Citizen Kane and the Magnificent Ambersons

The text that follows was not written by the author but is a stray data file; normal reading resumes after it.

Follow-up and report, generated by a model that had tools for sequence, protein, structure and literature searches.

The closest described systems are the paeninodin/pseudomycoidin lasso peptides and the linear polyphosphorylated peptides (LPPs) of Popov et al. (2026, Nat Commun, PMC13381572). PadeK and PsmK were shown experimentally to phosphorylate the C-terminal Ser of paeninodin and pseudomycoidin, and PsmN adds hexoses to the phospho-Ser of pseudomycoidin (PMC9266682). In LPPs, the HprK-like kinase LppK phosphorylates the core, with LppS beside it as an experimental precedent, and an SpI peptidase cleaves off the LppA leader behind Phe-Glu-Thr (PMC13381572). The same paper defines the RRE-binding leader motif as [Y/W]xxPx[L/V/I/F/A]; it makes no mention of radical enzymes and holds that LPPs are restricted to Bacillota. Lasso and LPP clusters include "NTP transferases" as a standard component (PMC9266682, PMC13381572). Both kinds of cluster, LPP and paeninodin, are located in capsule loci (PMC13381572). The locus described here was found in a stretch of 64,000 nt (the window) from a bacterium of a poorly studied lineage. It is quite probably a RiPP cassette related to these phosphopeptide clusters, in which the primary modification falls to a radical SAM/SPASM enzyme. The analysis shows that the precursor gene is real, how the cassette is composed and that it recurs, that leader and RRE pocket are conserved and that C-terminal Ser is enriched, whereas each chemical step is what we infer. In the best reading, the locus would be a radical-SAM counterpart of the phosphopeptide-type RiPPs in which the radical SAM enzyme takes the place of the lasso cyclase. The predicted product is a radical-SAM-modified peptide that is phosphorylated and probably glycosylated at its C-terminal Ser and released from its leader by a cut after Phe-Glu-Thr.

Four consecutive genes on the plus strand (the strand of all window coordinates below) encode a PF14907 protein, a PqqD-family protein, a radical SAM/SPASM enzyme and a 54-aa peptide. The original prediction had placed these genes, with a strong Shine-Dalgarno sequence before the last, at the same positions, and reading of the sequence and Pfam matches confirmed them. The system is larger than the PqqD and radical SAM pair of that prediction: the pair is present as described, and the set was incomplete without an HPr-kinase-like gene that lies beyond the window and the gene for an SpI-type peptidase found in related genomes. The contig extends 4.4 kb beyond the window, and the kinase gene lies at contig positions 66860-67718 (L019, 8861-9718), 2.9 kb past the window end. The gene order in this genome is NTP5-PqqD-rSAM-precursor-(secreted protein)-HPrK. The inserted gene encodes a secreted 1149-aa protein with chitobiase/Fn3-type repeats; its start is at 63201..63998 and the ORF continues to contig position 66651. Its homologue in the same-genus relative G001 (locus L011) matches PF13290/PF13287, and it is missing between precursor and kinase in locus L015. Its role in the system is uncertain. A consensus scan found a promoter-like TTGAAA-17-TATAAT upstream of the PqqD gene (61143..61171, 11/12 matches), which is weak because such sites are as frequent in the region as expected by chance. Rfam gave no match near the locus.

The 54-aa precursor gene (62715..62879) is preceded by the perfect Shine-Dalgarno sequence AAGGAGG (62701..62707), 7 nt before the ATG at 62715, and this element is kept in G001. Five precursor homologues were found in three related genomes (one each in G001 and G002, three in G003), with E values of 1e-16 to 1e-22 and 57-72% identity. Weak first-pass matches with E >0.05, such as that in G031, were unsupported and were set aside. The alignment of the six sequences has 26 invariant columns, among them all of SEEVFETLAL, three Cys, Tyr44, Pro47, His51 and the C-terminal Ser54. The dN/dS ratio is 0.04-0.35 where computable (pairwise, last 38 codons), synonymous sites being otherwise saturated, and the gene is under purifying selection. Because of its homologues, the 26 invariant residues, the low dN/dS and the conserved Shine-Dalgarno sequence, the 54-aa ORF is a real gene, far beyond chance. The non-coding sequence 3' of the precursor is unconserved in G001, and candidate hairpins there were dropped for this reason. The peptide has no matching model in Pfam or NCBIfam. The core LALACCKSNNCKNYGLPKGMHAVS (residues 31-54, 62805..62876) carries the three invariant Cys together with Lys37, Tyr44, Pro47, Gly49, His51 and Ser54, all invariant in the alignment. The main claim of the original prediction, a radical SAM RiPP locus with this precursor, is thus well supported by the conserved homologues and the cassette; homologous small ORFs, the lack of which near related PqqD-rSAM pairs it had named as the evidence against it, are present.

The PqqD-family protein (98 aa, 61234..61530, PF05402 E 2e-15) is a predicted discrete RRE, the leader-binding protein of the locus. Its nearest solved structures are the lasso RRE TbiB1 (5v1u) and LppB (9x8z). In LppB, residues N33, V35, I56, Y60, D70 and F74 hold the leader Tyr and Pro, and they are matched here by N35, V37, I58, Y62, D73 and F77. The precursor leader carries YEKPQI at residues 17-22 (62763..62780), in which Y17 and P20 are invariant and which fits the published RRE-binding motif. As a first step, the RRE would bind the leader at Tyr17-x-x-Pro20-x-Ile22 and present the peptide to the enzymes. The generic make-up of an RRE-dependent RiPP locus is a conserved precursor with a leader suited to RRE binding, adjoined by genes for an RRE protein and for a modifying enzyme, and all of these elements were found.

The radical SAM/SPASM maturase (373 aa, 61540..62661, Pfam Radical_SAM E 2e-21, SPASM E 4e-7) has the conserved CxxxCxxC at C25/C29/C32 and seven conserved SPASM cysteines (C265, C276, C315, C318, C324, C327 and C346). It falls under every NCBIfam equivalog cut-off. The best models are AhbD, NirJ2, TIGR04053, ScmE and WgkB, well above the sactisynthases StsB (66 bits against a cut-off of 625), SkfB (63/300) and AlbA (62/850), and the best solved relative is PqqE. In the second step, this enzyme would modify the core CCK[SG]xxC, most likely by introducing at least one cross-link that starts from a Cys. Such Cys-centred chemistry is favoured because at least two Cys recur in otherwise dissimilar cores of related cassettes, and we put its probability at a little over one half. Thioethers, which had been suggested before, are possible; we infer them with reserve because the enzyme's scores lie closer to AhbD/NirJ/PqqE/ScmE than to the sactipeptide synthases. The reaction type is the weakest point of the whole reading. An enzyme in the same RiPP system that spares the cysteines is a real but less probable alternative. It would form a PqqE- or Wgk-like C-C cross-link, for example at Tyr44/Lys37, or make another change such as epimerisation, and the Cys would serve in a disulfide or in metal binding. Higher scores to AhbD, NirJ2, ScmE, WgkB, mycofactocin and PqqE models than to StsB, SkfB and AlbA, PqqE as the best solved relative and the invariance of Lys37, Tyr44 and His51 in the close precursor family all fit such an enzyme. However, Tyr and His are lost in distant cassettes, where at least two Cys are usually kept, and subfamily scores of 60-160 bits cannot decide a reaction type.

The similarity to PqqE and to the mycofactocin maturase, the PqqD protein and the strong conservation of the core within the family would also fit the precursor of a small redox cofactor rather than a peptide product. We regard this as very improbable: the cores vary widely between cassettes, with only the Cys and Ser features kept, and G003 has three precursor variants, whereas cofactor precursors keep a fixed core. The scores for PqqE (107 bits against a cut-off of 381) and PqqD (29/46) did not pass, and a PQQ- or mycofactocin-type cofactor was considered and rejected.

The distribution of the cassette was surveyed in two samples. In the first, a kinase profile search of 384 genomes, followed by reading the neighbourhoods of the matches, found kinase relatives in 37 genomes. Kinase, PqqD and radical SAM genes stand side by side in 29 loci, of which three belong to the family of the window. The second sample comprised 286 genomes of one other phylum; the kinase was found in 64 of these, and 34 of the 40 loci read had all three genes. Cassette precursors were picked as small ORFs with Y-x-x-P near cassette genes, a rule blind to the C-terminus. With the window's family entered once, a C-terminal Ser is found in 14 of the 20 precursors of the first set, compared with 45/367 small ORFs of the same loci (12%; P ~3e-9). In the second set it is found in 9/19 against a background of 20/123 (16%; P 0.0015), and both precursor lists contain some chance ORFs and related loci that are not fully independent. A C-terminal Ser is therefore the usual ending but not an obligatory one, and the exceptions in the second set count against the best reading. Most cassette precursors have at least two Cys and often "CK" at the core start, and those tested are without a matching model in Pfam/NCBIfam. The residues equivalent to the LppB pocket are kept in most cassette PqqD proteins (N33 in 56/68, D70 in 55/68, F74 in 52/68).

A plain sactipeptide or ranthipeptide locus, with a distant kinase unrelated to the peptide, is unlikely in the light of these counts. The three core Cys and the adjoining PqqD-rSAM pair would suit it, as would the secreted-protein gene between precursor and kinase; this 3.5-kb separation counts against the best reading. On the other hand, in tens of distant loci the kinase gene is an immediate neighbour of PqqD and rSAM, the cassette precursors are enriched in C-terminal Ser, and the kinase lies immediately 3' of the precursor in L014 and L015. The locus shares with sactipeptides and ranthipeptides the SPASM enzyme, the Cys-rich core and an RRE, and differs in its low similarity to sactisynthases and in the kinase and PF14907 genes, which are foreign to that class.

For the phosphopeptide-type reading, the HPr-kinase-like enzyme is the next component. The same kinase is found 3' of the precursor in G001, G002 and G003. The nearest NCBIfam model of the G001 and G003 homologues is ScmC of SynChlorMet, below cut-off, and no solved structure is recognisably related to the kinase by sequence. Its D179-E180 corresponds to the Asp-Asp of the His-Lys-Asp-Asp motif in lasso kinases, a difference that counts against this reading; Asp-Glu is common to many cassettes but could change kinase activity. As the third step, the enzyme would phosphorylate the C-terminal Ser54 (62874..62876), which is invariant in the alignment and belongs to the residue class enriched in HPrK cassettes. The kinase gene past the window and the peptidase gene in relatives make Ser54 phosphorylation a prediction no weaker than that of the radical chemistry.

Stylistically, CITIZEN KANE and THE MAGNIFICENT AMBERSONS are similar, but not the same. The majority of the scenes in each film utilize group shots, showing every character in the scene in the frame at the same time emphasizing community. Both films also utilize depth of field, where characters are filmed in large rooms or at great distances apart. In Citizen Kane, the depth of field is more widely used, especially in the group shots. The kicker scene for that is when Charles and Susan are arguing in Xanadu from the two separate ends of the room. Charles seems to be a hundred yards away. This is very spooky because it’s supposed to be their home. Later when they have a picnic, Charles tells Susan to stop shouting at him because they are in a tent and not at home, so he can hear her just fine. That scene, like all the other scenes are a microcosm of the whole film. CITIZEN KANE is about not really knowing who a person really is. Once you figure that out, it’s enjoyable to watch the film over and over again, because each scene, each line of dialog, and each frame constantly rings true of this.